By Tim Hall, Country Manager Australia, email@example.com
Whilst it is always good to focus on the positives, it is hard to ignore that Australia has endured some bruising months of late with bushfires, ash rain, dust storms and flash floods. The severity of these occurrences serves as an intense reminder of the threat of climate change and the need to engage more fully with all aspects of the green economy. It is therefore very worrying to find talk that some renewable energy developers are ready to pull out of Australia following a recent webinar from the Smart Energy Council. The problem for developers it seems is lack of support to clear bottlenecks in the process and a feeling of hostility from some in government. I’ve written before about local support for renewables and in this article, I want to look at how the state of Victoria is taking a proactive approach to renewables.
Victoria has taken significant action to maintain the shift towards renewable energy, most recently announcing a split from national electricity rules in a bid to fast-track much needed grid modernisation and to promote more large-scale renewables and more energy storage. The move is ambitious and may help improve debate on how to get past what has been dubbed a complex and outdated national regulatory regime. The proof of the existing problem caused by the existing regime came from a recent crisis meeting of the Australian Energy Market Operator (AEMO). The suggestion there was that some projects could be delayed by seven years with $6.28 billion in investment and more than 5000 jobs at risk.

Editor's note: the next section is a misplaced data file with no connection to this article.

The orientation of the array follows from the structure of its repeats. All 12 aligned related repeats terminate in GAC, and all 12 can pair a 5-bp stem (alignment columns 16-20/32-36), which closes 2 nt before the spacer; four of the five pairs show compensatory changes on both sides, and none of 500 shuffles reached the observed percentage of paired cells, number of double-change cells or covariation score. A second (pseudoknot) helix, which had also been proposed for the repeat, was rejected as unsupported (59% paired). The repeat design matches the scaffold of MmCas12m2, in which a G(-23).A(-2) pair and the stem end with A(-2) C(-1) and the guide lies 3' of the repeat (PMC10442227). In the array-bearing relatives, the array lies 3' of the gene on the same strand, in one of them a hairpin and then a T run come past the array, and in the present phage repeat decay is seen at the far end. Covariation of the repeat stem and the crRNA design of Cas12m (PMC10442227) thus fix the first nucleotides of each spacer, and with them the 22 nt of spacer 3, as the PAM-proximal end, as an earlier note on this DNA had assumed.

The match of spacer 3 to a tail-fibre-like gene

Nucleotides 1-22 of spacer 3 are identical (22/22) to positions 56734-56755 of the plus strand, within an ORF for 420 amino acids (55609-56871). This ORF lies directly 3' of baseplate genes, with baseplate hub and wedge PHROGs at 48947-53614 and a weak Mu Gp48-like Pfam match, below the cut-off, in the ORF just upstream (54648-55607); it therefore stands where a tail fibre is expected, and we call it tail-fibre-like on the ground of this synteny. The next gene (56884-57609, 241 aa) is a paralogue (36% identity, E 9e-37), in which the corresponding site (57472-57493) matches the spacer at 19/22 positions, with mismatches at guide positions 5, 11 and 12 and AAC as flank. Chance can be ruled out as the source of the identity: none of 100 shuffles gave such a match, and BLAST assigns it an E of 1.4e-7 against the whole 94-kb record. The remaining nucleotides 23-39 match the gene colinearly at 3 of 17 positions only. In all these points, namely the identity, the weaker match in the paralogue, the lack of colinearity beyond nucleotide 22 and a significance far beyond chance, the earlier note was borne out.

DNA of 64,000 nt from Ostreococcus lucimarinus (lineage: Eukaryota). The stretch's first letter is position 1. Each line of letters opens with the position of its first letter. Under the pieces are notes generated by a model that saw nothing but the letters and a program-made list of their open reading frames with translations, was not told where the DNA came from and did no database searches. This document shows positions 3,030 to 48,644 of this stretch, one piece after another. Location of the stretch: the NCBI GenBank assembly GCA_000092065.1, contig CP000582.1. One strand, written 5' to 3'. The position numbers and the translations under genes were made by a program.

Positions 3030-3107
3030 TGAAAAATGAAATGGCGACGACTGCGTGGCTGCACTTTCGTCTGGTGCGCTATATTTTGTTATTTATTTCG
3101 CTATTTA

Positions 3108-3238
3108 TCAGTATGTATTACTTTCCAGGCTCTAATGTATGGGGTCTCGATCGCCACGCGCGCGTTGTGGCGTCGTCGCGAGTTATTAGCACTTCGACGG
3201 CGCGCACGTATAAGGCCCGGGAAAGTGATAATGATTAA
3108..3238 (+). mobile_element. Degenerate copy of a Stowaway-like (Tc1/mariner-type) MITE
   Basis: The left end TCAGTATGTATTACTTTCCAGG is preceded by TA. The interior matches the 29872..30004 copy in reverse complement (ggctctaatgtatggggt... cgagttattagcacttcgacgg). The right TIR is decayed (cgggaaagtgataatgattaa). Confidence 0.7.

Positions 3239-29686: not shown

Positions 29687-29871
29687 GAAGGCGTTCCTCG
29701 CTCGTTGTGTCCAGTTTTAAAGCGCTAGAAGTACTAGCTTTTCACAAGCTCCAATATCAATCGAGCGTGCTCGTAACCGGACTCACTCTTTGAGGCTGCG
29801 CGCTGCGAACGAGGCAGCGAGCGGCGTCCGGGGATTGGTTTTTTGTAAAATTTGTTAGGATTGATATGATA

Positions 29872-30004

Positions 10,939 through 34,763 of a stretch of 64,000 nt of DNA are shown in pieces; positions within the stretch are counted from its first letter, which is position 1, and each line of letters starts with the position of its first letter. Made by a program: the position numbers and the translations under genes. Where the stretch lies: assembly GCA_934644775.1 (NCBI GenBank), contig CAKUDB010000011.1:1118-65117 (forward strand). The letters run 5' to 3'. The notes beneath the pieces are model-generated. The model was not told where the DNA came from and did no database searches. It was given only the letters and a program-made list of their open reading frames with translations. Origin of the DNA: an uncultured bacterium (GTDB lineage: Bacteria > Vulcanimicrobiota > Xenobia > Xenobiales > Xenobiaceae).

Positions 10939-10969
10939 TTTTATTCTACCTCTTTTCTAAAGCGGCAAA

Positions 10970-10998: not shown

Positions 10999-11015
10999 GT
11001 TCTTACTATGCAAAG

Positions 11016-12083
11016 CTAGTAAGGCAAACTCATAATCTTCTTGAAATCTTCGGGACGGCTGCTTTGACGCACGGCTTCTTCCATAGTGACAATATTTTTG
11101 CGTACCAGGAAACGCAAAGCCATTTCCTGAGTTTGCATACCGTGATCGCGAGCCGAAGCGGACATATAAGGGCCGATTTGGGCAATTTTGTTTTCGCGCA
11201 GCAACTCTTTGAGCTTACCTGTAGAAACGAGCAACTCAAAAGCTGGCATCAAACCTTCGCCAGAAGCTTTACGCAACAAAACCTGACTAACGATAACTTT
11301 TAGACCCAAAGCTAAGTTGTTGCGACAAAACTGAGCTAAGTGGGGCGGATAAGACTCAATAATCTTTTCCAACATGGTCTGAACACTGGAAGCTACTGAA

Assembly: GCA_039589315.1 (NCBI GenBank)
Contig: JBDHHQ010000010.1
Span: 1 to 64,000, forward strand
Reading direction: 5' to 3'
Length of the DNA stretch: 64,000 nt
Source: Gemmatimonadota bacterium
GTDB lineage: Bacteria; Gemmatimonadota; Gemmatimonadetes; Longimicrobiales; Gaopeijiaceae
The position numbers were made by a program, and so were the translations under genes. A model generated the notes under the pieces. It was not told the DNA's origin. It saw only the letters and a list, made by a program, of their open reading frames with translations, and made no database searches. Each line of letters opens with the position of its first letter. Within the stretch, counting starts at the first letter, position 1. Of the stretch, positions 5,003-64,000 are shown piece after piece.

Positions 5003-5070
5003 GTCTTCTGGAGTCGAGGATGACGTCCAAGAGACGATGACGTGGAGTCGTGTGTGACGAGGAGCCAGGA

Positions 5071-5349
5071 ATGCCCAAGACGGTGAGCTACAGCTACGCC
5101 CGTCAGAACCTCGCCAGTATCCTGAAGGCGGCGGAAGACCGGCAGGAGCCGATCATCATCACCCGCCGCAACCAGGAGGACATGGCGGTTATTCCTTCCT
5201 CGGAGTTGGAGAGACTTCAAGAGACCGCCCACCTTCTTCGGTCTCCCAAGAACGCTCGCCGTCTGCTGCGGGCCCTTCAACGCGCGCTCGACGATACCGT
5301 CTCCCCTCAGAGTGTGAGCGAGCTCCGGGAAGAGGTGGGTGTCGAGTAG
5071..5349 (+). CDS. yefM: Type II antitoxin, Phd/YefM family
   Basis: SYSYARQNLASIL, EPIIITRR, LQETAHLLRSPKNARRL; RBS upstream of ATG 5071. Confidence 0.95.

The focus on grid connectivity is an important part of the Victorian plan. AEMO has already committed A$370m, but Victoria wants faster action on the grid in general as well as the interconnector project with NSW and another scheme for West Victoria.
Cracking the grid problem will be key to enabling a vast increase in renewable capacity especially in areas like that around Red Cliff, Kerang, Bendigo and Horsham in North West Victoria which has been dubbed the “rhombus of regret” due to its lack of transmission capability. Many investors have suffered due to output cutbacks around the rhombus and it would be a serious moral as well as practical victory for Victoria if the grid issues there could be resolved.
Victoria is an important state to get right. It is known as the “manufacturing state”. With over 13,000 manufacturers employing 280,000 people – to put that into context a switch to zero emissions energy by manufacturers in the state would cut 8% of Australia’s greenhouse gas emissions. Clearly achieving this would mean more than just renewable energy and could encompass areas such as sustainable procurement and better low carbon manufacturing. However, the key point is that in achieving its renewable energy goals Victoria would go a long way to helping Australia achieve its climate goals.